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« Bushmaster556 wrote on Saturday, Apr 02 at 04:56 PM »
« eipiplusone wrote on Saturday, Mar 19 at 08:25 AM »
I worry that people have unrealistic expectations of what dormitories do for students. The university pitches the system as one that assists students with their transition to college life. How?!?!

As soon as a student leaves their dorm, they are free to drink, smoke, and raise hell as much as they want. Curfew is always broken by simply taking guests in an unmonitored door, and I wouldn't be surprised if people brought beer and other forbidden items in the alternate doors as well.

The idea that RAs act as mentors is also flawed. I see my RA only when I enter through the main dormitory door, submit to room inspections, and exit my place for a fire drill. The university and parents have created this false idea that an RA is like some big brother or sister that holds your hand through university living and make sure you don't stray from the path of perfection. They don't.

Since both rules and RAs don't live up to the false image of residence life at the university, should the university abolish their rules? Should they attempt to better enforce their laws? Neither answer is correct. Instead, the university should learn to be realistic. It should stop promoting an idea of a dorm as a safe, sexless, sinless place to live. They shouldn't allow parents to believe that their kids will be monitored by RAs or other campus workers. Instead, they should stress the importance of preparing one's child for independent living BEFORE they leave for school. They should urge parents to be realistic about the facts that people in their late teens and early twenties may have opposite sex visitors instead of holding up a now rarely enforced rule. Now is the time to be rational, rather than pathetically idealistic.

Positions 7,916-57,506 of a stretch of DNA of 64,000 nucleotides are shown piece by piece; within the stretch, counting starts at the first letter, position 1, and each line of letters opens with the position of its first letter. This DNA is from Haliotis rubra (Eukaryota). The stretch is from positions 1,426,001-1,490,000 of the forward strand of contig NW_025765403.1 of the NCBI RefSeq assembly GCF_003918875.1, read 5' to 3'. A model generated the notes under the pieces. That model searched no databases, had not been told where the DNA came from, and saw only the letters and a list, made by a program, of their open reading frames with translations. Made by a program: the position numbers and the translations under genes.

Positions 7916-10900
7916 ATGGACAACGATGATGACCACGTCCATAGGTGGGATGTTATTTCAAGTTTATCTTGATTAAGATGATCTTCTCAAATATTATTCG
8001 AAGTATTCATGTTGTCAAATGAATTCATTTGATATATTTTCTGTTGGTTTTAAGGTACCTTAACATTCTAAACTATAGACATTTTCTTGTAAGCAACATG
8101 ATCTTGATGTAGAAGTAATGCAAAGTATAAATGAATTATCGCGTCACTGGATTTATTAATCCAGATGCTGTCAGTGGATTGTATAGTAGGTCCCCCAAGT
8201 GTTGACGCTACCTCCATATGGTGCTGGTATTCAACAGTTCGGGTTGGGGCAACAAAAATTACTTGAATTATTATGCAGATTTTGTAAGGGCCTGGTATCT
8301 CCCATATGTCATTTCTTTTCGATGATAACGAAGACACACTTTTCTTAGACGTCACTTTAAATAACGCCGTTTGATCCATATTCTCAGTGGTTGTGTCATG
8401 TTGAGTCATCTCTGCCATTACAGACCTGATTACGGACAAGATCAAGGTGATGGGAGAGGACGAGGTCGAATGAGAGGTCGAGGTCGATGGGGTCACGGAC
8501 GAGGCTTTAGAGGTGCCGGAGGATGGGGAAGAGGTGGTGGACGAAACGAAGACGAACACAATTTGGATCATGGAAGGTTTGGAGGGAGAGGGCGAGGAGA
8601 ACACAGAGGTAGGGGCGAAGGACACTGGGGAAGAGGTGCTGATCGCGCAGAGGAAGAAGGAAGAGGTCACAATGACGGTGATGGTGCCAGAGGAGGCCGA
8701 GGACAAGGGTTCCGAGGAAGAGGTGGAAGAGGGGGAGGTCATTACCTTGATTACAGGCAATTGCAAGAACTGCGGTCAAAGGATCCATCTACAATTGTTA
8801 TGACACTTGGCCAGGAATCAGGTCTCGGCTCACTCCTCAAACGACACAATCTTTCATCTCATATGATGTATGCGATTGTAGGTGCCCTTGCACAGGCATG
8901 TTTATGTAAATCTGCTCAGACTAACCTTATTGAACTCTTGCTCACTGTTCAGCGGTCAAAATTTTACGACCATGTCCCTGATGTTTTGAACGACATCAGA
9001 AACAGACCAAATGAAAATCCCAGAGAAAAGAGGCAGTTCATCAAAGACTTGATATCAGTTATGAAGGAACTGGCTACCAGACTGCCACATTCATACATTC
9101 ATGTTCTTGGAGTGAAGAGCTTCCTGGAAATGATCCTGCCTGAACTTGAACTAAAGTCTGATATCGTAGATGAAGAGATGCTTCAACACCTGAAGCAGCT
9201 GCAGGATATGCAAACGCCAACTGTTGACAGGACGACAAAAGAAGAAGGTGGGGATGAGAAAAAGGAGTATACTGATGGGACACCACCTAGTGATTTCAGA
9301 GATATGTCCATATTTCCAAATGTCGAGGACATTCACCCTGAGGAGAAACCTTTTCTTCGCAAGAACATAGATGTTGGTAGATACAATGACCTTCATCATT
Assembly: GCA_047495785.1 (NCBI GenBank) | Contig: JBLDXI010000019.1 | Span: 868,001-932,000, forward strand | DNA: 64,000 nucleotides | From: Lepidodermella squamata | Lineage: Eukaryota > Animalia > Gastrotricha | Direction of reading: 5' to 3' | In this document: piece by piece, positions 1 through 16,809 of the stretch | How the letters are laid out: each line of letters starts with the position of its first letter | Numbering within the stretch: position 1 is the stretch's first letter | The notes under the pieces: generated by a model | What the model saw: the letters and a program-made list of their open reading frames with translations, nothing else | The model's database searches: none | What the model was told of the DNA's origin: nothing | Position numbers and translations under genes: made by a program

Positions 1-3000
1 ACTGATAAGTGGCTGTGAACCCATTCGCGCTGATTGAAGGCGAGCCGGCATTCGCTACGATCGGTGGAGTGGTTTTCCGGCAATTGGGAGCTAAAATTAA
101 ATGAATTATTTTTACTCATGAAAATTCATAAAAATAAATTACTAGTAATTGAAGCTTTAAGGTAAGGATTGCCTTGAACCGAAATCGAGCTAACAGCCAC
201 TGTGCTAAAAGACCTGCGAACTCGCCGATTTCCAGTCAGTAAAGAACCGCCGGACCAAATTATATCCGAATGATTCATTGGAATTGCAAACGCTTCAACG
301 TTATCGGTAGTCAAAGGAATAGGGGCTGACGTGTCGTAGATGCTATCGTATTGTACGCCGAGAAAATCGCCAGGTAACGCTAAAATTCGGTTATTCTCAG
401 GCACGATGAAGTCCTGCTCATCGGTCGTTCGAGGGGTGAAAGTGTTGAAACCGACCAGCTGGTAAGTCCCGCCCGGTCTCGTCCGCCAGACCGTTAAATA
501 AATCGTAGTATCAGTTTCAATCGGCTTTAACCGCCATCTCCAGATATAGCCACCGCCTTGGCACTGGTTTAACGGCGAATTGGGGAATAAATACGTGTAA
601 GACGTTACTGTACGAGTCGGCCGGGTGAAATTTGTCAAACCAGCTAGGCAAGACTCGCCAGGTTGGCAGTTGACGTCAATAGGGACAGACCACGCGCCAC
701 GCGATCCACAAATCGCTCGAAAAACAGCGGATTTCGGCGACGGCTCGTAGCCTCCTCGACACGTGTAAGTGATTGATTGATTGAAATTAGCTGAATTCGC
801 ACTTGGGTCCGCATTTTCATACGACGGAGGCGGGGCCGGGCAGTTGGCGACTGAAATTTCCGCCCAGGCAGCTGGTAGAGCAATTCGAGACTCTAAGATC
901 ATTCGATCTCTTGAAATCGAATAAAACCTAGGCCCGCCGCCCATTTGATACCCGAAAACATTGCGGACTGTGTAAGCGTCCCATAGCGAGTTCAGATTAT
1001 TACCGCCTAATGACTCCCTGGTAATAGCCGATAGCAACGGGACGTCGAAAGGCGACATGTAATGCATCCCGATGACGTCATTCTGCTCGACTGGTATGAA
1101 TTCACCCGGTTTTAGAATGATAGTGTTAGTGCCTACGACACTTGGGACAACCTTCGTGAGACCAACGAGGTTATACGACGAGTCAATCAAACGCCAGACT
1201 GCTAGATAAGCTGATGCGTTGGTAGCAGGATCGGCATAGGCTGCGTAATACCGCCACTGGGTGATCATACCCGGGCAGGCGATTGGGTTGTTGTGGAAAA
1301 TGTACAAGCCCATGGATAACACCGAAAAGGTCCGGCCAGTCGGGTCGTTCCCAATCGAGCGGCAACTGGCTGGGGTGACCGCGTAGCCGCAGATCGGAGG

Many upperclassman who live in the dorms do so because the location is great. It takes some only two minutes to get to class, while many off campus students must deal with bus schedules or parking. The apartments just off campus are usually either very expensive or of very poor quality, so some just find it easier to stay in the dorms. There is nothing wussy about living in the dorms, unless you follow the inaccurate assumption that the dorm rules are forever and always strictly enforced.

Furthermore, your rape comment is also inaccurate. Students are not calling for unescorted individuals to have full access to the dorms. They simply want those of the opposite sex that they are with to be allowed to enter at any hour. The doors would still require card swiping to unlock, so your idea of some creeper raping students would not become a more elevated risk because of the rule change.
« whimseyjenny32 wrote on Friday, Mar 18 at 10:07 AM »
« patrick666 wrote on Friday, Mar 04 at 05:11 PM »
« snowbird wrote on Sunday, Feb 27 at 02:20 PM »
The author of "Dissecting Antismokers' Brains" has been giving this advice to students fighting smoking bans:

You should look around your campus and think about the sources of the information you've been given by people pushing these bans. I'm willing to bet about 90% of it will be at least partly supported by the "Smoke-Free" folks funded by taxes or grants from the NicoGummyPatchyProductPushers.

If you'd like to spread some information from the "other side" download and print out "The Lies Behind The Smoking Bans" Just Google "V.Gen5H" and click on The Health Arguments.

It's a one-sided Tom Paine style "rabble rouser," but its facts are accurate and their presentation is both honest and presented in an easily readable print-out format. Bind it in slidebar grip clear plastic term paper covers and spread it around. If you'd like to customize it for your campus go right ahead. Email Cantiloper on the AOL system if you want help.

The people pushing these college bans are professionals. Google Smoke-Free Campuses and see the sorts of information you get and where their funding comes from. Don't fall for their tricks. For example: one of their favorites is the Bandwagon Fallacy: "Everyone ELSE is doing it! Don't be the LAST!" Actually, before the big organizations got involved three years ago there were less than 100 totally smoke-banned campuses. They've built that up to about 400 now, but that's still less than 10% of the nationwide total.

There has never yet been a single scientific study showing any degree of harm from the concentration and duration of exposure to secondary smoke that anyone would get outdoors on a campus. If anyone wants to dispute that go right ahead: try to find a study (Not a report, statement, opinion, factsheet, or website, but a STUDY!) with accessible data that shows differently and post it up here to show I'm wrong. If I miss it somehow, again, just email me at Cantiloper over on AOL: I stand firmly behind what write.